The bad thing about good things and the good thing about bad

March 13, 2019: A roundup of news and perspective on disruptive technology. In this issue: Facebook’s new vision; Elizabeth Warren’s new proposal and Reliance Jio; and the limits of the sharing economy

N S Ramnath

[Photo by Godwin Angeline Benjo on Unsplash]

Indian mythology is replete with stories about powerful men who believed they could go on and on, only to meet with black swans they didn’t account for. King Hiranyakashipu is a case in point. He believed he had it all covered after he received a boon from Lord Brahma that he will be killed neither by a man, nor an animal; neither inside his palace, nor outside; neither during day, nor night, and so on. But, he didn’t quite expect his nemesis, Lord Vishnu, would take the form of Narasimha, a man-lion, and kill him with his bare hands, on a doorway, at dusk.

One of the big lessons from the ancient stories is that there are limits to growth. As Stein’s Law states, if something cannot go on forever, it will stop. Everything comes with an expiry date, except change.

The past week hammered this lesson into the monarchs of the modern world.


For years, we believed in a narrative that technology will keep breaking the walls down.

Books with titles such as The Death of Distance, The Borderless World, The World Is Flat, amplified and legitimised that narrative. The underlying assumption was that we live in small communities and we put up with small markets only because of the physical constraints of a brick-and-mortar world. Digital technologies allow us to break those down—and now if you want to say something you can broadcast it to the entire world. Companies such as Facebook made it easier to do so. And they will expand, till they cover the whole world.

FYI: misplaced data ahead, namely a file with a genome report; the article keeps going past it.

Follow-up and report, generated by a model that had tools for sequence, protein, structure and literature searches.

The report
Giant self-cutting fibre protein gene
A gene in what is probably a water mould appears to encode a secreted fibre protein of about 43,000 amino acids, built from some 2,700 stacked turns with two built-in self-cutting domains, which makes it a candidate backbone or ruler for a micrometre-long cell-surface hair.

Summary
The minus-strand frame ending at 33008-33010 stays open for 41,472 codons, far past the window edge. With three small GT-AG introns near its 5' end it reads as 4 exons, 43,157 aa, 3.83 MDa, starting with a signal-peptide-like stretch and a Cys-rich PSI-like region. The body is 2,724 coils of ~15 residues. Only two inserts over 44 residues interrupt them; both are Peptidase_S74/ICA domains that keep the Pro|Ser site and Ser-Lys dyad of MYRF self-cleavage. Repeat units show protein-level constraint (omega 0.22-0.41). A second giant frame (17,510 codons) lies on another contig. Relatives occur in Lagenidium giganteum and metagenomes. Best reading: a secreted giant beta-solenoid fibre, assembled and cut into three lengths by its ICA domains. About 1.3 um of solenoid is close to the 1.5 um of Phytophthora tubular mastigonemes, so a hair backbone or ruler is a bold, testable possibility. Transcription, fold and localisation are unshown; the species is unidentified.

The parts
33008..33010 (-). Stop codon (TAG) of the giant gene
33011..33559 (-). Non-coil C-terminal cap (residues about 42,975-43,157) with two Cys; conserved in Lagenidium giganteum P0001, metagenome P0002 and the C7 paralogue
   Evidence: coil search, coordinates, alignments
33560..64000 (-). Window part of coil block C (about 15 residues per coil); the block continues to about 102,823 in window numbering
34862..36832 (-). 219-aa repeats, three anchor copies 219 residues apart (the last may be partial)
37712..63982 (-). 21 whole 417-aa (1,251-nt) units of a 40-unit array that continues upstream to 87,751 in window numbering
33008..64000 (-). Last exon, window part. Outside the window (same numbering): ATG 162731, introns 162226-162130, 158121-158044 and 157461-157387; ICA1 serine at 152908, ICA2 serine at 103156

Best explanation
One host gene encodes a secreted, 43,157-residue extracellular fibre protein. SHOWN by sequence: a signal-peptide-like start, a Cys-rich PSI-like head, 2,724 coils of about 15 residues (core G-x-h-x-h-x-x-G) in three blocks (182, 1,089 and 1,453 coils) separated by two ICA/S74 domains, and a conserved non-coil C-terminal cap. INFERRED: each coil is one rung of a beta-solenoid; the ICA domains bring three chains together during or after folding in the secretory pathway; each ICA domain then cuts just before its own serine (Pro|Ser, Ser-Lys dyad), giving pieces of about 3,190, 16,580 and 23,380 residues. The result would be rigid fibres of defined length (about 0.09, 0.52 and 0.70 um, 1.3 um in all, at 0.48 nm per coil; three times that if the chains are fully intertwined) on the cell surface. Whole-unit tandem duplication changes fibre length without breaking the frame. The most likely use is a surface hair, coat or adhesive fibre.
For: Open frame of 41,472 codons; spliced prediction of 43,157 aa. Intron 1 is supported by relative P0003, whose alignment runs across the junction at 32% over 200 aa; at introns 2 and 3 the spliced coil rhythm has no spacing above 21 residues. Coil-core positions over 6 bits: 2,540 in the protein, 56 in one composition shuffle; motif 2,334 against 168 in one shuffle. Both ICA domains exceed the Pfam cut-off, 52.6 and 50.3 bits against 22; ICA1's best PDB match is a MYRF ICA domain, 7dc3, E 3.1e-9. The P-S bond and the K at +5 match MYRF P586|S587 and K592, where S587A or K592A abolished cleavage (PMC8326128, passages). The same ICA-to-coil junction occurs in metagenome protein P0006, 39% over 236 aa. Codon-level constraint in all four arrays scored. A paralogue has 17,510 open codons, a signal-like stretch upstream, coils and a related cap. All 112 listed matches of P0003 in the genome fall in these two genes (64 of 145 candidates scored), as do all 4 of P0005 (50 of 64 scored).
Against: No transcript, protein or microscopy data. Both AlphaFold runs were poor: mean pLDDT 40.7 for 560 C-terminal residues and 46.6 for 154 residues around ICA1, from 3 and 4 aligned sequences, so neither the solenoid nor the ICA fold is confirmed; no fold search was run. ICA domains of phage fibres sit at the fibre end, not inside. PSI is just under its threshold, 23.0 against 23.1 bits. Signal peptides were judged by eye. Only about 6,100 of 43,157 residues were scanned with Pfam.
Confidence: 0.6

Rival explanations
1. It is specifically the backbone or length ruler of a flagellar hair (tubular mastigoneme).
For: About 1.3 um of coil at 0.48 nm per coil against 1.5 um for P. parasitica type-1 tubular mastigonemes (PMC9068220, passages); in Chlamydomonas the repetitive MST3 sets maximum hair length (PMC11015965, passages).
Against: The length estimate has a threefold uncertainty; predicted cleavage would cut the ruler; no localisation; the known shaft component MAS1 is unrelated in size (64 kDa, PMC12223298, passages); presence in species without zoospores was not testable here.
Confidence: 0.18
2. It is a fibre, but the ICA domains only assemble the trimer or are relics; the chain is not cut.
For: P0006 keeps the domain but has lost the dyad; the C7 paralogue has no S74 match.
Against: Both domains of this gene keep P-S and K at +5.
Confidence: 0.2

Zuckerberg’s blog post is acknowledgement that humans like smaller groups.

In a 3,200-word post, Zuckerberg, wrote, “Over the last 15 years, Facebook and Instagram have helped people connect with friends, communities, and interests in the digital equivalent of a town square. But people increasingly also want to connect privately in the digital equivalent of the living room. As I think about the future of the internet, I believe a privacy-focused communications platform will become even more important than today’s open platforms. Privacy gives people the freedom to be themselves and connect more naturally, which is why we build social networks.”

He is not saying the town square is dead, but the real growth is in the living room. In a comment to his post, he said, “Yes, I think there need to be the digital equivalents of both the town square and the living room. We’ve mostly focused so far on the town square with Facebook and Instagram, and now there’s an even bigger opportunity to build a platform for all the ways people want to interact privately around WhatsApp and Messenger as well.

“In terms of use, the fastest growing services are private messaging, stories and small groups. I expect Facebook and Instagram to continue growing as well, but these privacy-focused platforms will grow even faster.”

In effect, he is sacrificing his queen, knowing that a pawn is about to get into eighth rank.